Follow TV Tropes


Series / Masters of Horror

Go To

Their wildest dreams are your worst nightmares.

Masters of Horror was a Genre Anthology series on Showtime, created by horror film director Mick Garris.

The idea sprung from a series of dinners that Garris had held with other horror film directors, and the satisfying experience and the directors' admiration of each others works lead Garris to create this series in 2005. The basic idea was a series of one-hour films, each directed by a well-known horror director. The series featured contributions from directors as diverse as Dario Argento, John Carpenter, Tobe Hooper, John Landis, and Takashi Miike, and received wide critical acclaim.

The series ran for two seasons on Showtime. Fear Itself, another Genre Anthology in the same format and created by the same team, premiered on NBC in 2008, and was cancelled after its first season. Another similar show called Masters Of Science Fiction (again from the same creators) premiered on ABC in 2007, but only ran six episodes before being cancelled. Masters of Italian Horror is also in the works, focusing solely on Italian directors. IDW Publishing is also adapting several of the episodes as comic books.


For tropes from specific episodes, check the Recap page.

General tropes:

  • Black Comedy: And a lot of it. Certain episodes can easily pass as an Affectionate Parody of similar stories, while others are clearly made with pitch-black comedy in mind.
  • Fan Disservice: Fanservice scenes often blended with gore or other horror tropes.
  • Fanservice: Quite a lot of episodes feature nudity or sex scenes.
  • Formula-Breaking Episode: Each season of the anthology (usually set in modern day Everytown, America) had one episode set in the early 19th century and another filmed in Japan and directed by a Japanese director.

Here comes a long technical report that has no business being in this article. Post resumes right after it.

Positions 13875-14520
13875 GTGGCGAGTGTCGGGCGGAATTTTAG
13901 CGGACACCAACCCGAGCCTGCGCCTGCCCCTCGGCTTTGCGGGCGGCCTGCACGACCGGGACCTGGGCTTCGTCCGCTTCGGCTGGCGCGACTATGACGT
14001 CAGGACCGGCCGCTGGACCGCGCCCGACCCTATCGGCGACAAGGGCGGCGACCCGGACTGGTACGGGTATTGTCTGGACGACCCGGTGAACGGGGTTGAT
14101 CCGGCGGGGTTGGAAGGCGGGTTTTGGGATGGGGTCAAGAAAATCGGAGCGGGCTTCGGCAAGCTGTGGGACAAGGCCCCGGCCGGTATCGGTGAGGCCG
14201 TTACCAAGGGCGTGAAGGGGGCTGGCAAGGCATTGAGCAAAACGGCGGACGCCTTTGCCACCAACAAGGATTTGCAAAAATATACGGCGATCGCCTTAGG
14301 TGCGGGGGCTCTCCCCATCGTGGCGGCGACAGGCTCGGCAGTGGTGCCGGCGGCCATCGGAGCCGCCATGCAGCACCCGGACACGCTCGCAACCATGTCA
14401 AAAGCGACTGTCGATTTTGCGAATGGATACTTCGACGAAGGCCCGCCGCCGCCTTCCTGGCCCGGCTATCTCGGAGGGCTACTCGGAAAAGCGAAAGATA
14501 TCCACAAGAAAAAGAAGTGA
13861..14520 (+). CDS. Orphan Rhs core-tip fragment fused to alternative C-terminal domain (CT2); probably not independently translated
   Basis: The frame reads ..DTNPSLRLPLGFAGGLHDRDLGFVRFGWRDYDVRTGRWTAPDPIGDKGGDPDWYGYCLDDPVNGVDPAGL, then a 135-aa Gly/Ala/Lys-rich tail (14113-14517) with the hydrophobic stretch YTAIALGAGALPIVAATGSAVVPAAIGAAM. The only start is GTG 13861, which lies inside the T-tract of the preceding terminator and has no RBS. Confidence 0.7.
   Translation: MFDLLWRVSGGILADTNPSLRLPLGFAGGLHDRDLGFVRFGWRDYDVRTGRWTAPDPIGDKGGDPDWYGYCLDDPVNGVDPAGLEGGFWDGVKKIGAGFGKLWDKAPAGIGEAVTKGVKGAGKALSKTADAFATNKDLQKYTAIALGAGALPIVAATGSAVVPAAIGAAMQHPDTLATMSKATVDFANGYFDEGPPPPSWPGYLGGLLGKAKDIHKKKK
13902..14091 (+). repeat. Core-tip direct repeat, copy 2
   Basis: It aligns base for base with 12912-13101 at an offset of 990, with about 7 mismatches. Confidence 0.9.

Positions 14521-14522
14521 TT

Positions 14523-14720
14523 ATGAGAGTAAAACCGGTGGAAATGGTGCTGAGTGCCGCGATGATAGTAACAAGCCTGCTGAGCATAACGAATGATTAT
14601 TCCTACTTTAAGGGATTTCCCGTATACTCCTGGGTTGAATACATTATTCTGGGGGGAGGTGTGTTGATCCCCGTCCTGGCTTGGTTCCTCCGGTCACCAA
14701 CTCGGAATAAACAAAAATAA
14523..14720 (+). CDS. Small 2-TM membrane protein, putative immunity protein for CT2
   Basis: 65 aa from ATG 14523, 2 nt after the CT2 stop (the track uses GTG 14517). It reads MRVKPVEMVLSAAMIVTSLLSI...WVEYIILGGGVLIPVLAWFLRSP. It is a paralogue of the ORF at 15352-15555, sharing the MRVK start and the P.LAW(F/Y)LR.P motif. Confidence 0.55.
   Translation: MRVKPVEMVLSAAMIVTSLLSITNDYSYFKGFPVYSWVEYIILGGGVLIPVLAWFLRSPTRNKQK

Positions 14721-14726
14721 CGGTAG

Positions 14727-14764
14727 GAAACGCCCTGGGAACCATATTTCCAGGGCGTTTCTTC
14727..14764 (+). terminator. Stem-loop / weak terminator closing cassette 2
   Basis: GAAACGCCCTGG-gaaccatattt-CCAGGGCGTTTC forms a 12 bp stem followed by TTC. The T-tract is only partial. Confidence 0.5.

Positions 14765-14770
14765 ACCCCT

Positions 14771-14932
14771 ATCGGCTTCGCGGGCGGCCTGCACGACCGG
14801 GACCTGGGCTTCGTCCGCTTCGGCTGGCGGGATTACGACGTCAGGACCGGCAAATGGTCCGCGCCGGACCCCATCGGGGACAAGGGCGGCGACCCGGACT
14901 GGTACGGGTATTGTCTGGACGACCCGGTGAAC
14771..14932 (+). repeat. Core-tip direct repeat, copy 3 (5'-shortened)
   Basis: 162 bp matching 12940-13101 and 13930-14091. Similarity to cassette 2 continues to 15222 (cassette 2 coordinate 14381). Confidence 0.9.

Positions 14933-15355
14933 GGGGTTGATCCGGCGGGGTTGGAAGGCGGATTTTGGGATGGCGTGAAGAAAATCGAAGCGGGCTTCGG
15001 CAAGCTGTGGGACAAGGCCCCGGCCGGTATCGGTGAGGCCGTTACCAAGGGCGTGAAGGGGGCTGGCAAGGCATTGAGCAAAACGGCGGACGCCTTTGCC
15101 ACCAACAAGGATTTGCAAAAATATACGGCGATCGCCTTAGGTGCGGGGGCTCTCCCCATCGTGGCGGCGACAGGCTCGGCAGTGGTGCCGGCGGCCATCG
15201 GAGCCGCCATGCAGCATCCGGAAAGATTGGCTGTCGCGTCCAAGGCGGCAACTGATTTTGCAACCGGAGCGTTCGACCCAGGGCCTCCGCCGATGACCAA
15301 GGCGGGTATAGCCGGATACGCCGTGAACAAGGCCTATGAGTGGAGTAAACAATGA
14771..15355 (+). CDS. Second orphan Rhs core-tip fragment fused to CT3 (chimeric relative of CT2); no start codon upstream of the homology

• Girls vs. Boys Plot: The episode "The Screwfly Solution," uses this trope to terrifying effect. One day, men all over the world find themselves slowly succumbing to a Hate Plague that causes them to become violent and murderous toward every woman they find—up to and including their own wives, mothers, and small children. After the initial purges, the episode plays out like a dark version of this type of plot: the few women who avoid the first wave of attacks band together and do their best to survive, only to be slowly hunted down by the still-homicidal men, who do gruesome things like mutilate their victims' bodies and turn them into trophies (at one point, a man proudly walks around carrying a bag made from a woman's breast). The episode ends with one of the last women on Earth discovering that the plague was caused by aliens, who arranged a Gendercide to make the planet easier to conquer.
  • Advertisement:
  • Gorn: Loads of it. Takashi Miike (who else?) had so much in his episode that it was banned from broadcast.
  • The Hero Dies: Many a Downer Ending would end up with the hero being killed by the episode's monster or villain.
  • Playing with a Trope: What is of much interest to us Tropers is how the series play with standard Horror Tropes. Take "Incident On and Off a Mountain Road"; at the beginning, it looks like a typical hapless-female-chased-by-a-psycho. Then it turns out she is not that hapless, being the wife of a Crazy Survivalist. And so on.
  • Torture Porn: Several episodes, especially in the second season.
  • 13 Is Unlucky: Both this show and its successor Fear Itself had 13 episodes per season.